Program Schedule

1121
Do Viral Diagnoses in Primary Care Precede and Predict Those Obtained in Secondary Care: A Temporal Trend Comparison Study

Session: Poster Abstract Session: Viral Infections: Epidemiology
Friday, October 10, 2014
Room: The Pennsylvania Convention Center: IDExpo Hall BC
Background: Children with respiratory tract infections (RTIs) form a large proportion of primary care (PC) consultations. In secondary care (SC), high levels of viral activity can lead to increased pressure on already limited resources. Current national RTI surveillance systems are not at present used to provide local ‘early-warning’ systems to provide real-time indicators to predict when SC may experience increased pressure. This study investigates if viruses isolated from children presenting to Bristol PC with RTI precede and predict the same viruses isolated from children in local SC.

Methods: The PC dataset was sourced from the NIHR funded ‘TARGET’ study, including throat swabs from Bristol children presenting to PC with acute RTI during August 2011-May 2013. Viral detection results from SC respiratory samples from the same age group were retrospectively sourced for children with a Bristol postcode, presenting simultaneously to a local hospital. Influenza A&B, respiratory syncytial virus (RSV), human metapneumovirus, parainfluenzaviruses, adenovirus, rhinovirus and enterovirus were studied. Time series graphs were generated using weekly numbers of positive samples and proportion of respiratory samples positive.

Results: 596 and 949 samples were analysed in PC and SC respectively. ‘Flu A: (PC n=26 (4.3%), SC n=23 (2.4%)) demonstrated a seasonal pattern, with two periods of increased activity simultaneously observed in December 2011-April 2012, and January 2013-May 2013. ‘Flu B: (PC n=30(5.0%), SC n=9(1.0%)) demonstrated one peak of increased activity, again simultaneously, from December 2012. RSV: (PC n=58 (9.7%), SC n=216 (23.0%)) demonstrated two peaks in PC and SC around December in both 2012 and 2013. Graphical analysis of further viruses will be presented.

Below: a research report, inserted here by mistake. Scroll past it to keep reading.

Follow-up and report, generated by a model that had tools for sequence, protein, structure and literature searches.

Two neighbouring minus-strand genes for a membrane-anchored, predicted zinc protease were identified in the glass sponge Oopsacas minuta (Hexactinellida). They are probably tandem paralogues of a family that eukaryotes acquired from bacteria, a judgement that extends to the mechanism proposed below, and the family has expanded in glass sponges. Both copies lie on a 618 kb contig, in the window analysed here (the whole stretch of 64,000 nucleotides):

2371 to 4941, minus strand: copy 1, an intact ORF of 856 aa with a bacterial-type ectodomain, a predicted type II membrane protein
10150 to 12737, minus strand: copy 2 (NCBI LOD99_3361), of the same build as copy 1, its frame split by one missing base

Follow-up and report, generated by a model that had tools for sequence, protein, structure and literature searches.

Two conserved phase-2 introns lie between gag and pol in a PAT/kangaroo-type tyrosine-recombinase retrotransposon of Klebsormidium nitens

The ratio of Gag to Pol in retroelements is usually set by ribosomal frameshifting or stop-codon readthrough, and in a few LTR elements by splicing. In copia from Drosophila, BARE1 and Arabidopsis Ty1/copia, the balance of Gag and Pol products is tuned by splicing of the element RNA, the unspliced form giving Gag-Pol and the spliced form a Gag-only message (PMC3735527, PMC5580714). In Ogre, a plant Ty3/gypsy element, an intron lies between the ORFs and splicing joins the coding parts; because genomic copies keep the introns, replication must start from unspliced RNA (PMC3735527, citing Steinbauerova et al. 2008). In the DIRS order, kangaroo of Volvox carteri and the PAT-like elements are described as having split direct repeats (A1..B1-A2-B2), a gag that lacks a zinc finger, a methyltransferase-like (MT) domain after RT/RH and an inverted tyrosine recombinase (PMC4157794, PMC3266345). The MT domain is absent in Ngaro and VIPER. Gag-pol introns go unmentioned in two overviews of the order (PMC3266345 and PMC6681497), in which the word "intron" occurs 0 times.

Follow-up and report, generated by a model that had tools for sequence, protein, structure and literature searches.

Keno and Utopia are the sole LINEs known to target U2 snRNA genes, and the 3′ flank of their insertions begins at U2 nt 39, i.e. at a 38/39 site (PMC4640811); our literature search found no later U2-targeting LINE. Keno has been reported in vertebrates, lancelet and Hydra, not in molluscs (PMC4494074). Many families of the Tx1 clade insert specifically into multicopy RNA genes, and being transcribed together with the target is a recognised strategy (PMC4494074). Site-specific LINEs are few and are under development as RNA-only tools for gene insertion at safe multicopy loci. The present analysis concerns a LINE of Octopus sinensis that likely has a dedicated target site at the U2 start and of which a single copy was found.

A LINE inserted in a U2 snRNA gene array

Conclusion: To our knowledge this is the first study to investigate if there is potential for PC virus surveillance as an ‘early-warning’ utility for a city. Preliminary analyses suggest that PC is unlikely to offer a predefined indicator to local SC services. Although this study was limited by small numbers of positive samples, some viruses isolated in Bristol PC follow the same temporal patterns as those in SC, suggesting that either PC or SC data could be used for real-time surveillance of circulating viruses causing children to require PC and SC.

Michelle S. Toleman1, Peter Muir2, Peter S. Blair1, Hannah V. Thornton1, Sophie Turnball1, Niamh M. Redmond1, John P. Leeming3, Barry Vipond2, Andrew M. Lovering3, Alastair D. Hay1 and TARGET study team, (1)University of Bristol, School of Social and Community Medicine, Bristol, United Kingdom, (2)Specialist Virology Centre, Public Health England, Bristol, United Kingdom, (3)Bristol Centre for Antimicrobial Research and Evaluation, Bristol, United Kingdom

Disclosures:

M. S. Toleman, None

P. Muir, None

P. S. Blair, None

H. V. Thornton, None

S. Turnball, None

N. M. Redmond, None

J. P. Leeming, None

B. Vipond, None

A. M. Lovering, None

A. D. Hay, None

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